IDEAS home Printed from
   My bibliography  Save this paper

Workplace Democracy in the Lab


  • Mellizo, Philip

    () (College of Wooster)

  • Carpenter, Jeffrey P.

    () (Middlebury College)

  • Matthews, Peter Hans

    () (Middlebury College)


While intuition suggests that empowering workers to have some say in the control of the firm is likely to have beneficial incentive effects, empirical evidence of such an effect is hard to come by because of numerous confounding factors in the naturally occurring data. We report evidence from a real-effort experiment confirming that worker performance is sensitive to the process used to select the compensation contract. Groups of workers that voted to determine their compensation scheme provided significantly more effort than groups that had no say in how they would be compensated. This effect is robust to controls for the compensation scheme implemented and worker characteristics (i.e., ability and gender).

Suggested Citation

  • Mellizo, Philip & Carpenter, Jeffrey P. & Matthews, Peter Hans, 2011. "Workplace Democracy in the Lab," IZA Discussion Papers 5460, Institute for the Study of Labor (IZA).
  • Handle: RePEc:iza:izadps:dp5460

    Download full text from publisher

    File URL:
    Download Restriction: no

    Other versions of this item:

    References listed on IDEAS

    1. Alchian, Armen A & Demsetz, Harold, 1972. "Production , Information Costs, and Economic Organization," American Economic Review, American Economic Association, vol. 62(5), pages 777-795, December.
    2. Milgrom, Paul & Roberts, John, 1995. "Complementarities and fit strategy, structure, and organizational change in manufacturing," Journal of Accounting and Economics, Elsevier, vol. 19(2-3), pages 179-208, April.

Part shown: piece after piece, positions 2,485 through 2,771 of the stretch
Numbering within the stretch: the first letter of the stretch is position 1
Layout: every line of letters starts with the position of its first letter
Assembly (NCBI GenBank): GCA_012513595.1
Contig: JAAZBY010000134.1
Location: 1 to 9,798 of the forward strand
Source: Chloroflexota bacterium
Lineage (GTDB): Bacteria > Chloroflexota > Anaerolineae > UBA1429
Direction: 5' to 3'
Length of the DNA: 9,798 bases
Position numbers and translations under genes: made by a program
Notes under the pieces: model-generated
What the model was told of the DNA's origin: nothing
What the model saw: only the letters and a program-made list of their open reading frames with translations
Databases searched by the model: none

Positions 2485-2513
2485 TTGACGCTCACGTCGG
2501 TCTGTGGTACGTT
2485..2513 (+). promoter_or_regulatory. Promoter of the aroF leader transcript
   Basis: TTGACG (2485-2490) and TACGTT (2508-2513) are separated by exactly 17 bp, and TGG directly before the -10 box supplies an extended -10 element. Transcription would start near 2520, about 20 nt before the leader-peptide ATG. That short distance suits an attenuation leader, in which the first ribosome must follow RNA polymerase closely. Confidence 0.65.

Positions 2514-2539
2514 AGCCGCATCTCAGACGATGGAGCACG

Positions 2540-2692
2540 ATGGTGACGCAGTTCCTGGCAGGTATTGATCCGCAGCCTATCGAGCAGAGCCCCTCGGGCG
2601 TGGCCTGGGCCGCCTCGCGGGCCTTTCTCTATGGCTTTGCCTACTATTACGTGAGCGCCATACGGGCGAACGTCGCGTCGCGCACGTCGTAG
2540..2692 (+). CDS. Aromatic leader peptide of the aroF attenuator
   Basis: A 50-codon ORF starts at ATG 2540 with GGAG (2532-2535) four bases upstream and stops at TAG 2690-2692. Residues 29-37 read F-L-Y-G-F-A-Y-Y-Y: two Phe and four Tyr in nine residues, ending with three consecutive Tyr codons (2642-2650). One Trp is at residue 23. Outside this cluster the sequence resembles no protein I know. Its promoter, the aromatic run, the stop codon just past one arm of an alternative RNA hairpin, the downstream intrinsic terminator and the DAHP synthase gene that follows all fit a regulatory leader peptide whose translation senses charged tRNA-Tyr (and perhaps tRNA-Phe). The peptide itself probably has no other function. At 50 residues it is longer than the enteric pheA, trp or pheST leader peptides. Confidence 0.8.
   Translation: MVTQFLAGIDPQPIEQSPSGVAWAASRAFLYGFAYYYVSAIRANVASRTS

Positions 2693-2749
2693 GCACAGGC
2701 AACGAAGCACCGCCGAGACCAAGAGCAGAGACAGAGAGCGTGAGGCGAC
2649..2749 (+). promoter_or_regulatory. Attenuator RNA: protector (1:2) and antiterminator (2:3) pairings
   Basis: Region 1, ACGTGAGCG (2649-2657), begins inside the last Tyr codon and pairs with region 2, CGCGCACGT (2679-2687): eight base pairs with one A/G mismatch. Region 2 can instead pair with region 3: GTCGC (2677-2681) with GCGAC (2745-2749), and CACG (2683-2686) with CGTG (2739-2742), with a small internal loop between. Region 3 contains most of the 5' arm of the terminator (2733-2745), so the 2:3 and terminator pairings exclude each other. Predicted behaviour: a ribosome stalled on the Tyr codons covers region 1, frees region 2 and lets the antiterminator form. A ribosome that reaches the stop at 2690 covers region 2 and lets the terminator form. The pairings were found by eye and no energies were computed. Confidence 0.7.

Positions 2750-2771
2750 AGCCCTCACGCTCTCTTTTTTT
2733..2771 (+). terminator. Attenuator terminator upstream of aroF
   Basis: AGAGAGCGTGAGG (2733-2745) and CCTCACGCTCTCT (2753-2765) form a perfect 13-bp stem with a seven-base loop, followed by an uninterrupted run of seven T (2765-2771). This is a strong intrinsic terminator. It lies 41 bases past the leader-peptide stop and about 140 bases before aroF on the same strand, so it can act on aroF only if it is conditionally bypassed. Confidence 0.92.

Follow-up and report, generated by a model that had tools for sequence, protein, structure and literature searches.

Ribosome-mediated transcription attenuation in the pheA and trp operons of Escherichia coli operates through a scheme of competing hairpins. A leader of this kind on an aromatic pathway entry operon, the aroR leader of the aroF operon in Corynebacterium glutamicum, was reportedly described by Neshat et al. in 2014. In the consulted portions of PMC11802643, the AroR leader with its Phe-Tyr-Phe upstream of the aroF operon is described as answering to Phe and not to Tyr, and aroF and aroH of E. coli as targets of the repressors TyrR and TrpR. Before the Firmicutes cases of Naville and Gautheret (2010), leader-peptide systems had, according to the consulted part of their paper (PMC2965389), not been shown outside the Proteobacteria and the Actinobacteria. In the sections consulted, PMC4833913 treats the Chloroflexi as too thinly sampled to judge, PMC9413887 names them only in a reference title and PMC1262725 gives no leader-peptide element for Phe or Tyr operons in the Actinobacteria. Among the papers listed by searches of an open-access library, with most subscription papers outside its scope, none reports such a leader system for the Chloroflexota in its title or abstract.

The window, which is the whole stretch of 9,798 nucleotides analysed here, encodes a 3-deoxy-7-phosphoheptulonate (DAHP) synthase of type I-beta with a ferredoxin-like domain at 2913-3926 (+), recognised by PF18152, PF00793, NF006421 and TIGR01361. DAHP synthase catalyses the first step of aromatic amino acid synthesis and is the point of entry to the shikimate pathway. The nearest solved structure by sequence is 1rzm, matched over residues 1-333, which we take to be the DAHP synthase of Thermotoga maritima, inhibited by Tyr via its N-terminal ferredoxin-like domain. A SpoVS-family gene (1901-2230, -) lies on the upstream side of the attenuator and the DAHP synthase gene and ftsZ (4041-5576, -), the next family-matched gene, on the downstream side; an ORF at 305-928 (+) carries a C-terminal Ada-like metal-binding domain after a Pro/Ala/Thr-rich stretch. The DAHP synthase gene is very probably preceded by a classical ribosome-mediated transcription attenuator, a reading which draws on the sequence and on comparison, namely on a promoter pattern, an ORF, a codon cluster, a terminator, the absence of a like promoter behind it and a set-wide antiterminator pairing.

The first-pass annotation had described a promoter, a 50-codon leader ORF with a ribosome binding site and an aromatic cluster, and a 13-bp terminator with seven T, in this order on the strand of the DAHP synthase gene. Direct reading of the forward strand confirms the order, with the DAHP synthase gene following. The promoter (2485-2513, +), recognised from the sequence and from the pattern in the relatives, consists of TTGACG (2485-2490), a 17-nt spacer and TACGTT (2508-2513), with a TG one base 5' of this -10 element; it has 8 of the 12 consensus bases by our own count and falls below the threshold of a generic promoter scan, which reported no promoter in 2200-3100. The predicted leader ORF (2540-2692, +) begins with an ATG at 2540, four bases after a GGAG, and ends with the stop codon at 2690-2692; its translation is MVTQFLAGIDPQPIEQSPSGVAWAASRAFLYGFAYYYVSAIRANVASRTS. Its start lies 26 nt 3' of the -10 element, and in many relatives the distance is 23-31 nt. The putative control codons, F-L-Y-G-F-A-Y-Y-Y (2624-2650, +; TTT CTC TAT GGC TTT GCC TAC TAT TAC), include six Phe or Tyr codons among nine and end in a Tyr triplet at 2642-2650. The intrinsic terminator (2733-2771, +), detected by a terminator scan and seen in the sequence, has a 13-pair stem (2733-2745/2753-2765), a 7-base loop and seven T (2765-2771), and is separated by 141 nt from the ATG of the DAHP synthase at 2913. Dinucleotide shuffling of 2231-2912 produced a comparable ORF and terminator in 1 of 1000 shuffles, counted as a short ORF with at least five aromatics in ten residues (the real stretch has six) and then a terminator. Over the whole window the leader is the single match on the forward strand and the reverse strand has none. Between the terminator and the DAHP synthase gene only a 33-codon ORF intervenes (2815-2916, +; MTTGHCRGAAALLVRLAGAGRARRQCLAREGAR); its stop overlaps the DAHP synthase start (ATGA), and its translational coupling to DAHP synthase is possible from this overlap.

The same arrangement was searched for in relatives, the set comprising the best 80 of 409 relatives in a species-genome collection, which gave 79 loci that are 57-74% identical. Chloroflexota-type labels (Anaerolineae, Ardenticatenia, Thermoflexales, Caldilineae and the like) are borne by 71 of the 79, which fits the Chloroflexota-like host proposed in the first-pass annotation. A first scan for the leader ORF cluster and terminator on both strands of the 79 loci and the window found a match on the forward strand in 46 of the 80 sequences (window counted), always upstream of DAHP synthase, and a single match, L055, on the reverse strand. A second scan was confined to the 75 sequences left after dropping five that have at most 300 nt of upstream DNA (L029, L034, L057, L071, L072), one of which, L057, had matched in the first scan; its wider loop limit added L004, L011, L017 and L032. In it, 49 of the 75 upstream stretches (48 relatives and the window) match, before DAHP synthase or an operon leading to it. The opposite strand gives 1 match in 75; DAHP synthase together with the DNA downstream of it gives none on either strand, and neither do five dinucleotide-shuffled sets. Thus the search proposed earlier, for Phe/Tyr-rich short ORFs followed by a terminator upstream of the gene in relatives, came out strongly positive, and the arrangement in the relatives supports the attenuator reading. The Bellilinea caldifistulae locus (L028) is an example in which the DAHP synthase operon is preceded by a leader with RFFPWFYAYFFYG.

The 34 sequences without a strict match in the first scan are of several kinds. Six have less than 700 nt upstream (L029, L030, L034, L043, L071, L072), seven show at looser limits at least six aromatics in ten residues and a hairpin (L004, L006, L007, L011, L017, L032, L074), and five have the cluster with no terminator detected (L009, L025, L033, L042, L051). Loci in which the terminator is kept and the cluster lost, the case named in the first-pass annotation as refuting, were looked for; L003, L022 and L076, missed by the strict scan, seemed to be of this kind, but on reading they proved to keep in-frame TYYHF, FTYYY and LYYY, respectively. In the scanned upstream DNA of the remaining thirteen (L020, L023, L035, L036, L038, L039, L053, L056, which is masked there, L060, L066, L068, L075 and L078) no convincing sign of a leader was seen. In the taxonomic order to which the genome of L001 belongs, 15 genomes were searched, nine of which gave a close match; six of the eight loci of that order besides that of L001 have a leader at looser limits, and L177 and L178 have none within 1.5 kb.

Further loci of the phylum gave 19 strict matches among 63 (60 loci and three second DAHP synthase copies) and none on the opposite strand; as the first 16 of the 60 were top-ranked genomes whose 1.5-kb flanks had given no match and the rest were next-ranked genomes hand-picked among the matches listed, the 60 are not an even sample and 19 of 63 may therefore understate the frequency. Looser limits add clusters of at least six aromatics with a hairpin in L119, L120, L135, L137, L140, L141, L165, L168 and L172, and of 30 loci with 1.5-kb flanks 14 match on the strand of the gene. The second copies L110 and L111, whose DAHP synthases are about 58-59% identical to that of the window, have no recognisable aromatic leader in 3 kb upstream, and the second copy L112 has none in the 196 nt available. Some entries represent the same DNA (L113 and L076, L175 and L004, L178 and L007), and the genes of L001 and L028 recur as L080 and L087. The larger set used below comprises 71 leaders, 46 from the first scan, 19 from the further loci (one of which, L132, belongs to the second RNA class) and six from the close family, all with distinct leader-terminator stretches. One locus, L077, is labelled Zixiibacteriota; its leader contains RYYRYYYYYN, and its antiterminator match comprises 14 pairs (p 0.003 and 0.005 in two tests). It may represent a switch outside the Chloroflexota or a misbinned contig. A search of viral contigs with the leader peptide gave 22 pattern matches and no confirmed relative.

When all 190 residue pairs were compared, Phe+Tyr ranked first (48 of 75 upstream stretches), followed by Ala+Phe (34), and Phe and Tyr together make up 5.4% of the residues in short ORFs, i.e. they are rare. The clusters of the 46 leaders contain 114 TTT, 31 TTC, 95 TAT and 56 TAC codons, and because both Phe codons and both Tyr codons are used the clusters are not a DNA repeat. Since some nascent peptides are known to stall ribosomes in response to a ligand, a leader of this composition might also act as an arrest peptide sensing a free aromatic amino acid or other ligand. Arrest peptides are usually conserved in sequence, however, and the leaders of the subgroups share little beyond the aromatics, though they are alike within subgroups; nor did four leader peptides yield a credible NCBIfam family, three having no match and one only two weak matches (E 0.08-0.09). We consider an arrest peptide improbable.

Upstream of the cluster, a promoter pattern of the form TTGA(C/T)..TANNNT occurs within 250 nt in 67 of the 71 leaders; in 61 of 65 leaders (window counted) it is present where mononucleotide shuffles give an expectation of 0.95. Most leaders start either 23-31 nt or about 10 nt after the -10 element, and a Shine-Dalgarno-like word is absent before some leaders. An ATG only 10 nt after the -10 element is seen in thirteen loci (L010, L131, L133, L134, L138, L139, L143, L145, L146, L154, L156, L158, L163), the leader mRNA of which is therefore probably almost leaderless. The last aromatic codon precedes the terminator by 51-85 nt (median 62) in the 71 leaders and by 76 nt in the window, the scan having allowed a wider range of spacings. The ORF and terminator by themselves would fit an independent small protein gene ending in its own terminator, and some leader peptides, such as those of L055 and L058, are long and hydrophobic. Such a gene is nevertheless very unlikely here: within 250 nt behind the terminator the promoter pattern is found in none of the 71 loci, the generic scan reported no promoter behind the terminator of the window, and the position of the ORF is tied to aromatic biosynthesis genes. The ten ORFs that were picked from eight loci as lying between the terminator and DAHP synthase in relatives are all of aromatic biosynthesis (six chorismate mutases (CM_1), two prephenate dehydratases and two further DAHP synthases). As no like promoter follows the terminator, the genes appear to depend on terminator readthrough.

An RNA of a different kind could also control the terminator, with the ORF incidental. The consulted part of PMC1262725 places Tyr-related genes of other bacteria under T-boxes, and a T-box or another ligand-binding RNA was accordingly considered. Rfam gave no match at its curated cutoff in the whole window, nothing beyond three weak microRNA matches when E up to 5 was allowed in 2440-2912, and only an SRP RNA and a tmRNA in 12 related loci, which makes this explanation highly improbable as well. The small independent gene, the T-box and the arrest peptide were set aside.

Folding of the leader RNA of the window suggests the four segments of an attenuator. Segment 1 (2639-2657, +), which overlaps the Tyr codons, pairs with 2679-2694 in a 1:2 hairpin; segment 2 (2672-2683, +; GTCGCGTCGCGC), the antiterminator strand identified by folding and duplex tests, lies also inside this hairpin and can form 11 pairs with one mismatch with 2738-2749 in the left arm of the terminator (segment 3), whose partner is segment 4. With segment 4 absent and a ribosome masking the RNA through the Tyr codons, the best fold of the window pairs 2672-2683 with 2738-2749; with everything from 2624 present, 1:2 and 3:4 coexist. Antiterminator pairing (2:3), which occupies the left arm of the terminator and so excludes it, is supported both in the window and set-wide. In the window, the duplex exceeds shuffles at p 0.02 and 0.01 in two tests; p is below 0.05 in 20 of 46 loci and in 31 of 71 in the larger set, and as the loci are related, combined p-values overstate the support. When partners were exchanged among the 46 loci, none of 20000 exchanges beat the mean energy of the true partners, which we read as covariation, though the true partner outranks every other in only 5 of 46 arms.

3. John Pencavel, 2013. "Worker cooperatives and democratic governance," Chapters,in: Handbook of Economic Organization, chapter 24 Edward Elgar Publishing.
    4. repec:hrv:faseco:34310817 is not listed on IDEAS
    5. Richard B. Freeman & Alexander M. Gelber, 2010. "Prize Structure and Information in Tournaments: Experimental Evidence," American Economic Journal: Applied Economics, American Economic Association, vol. 2(1), pages 149-164, January.
    6. Paul J. Gollan & David Lewin, 2013. "Employee Representation in Non-Union Firms: An Overview," Industrial Relations: A Journal of Economy and Society, Wiley Blackwell, vol. 52, pages 173-193, January.
    7. Pedro Dal Bo & Andrew Foster & Louis Putterman, 2010. "Institutions and Behavior: Experimental Evidence on the Effects of Democracy," American Economic Review, American Economic Association, vol. 100(5), pages 2205-2229, December.
    8. Bruno Frey & Matthias Benz & Alois Stutzer, 2004. "Introducing Procedural Utility: Not Only What, but Also How Matters," Journal of Institutional and Theoretical Economics (JITE), Mohr Siebeck, Tübingen, vol. 160(3), pages 377-377, September.
    9. van Dijk, Frans & Sonnemans, Joep & van Winden, Frans, 2001. "Incentive systems in a real effort experiment," European Economic Review, Elsevier, vol. 45(2), pages 187-214, February.
    10. Douglas L. Kruse & Joseph R. Blasi & Rhokeun Park, 2010. "Shared Capitalism in the U.S. Economy: Prevalence, Characteristics, and Employee Views of Financial Participation in Enterprises," NBER Chapters,in: Shared Capitalism at Work: Employee Ownership, Profit and Gain Sharing, and Broad-based Stock Options, pages 41-75 National Bureau of Economic Research, Inc.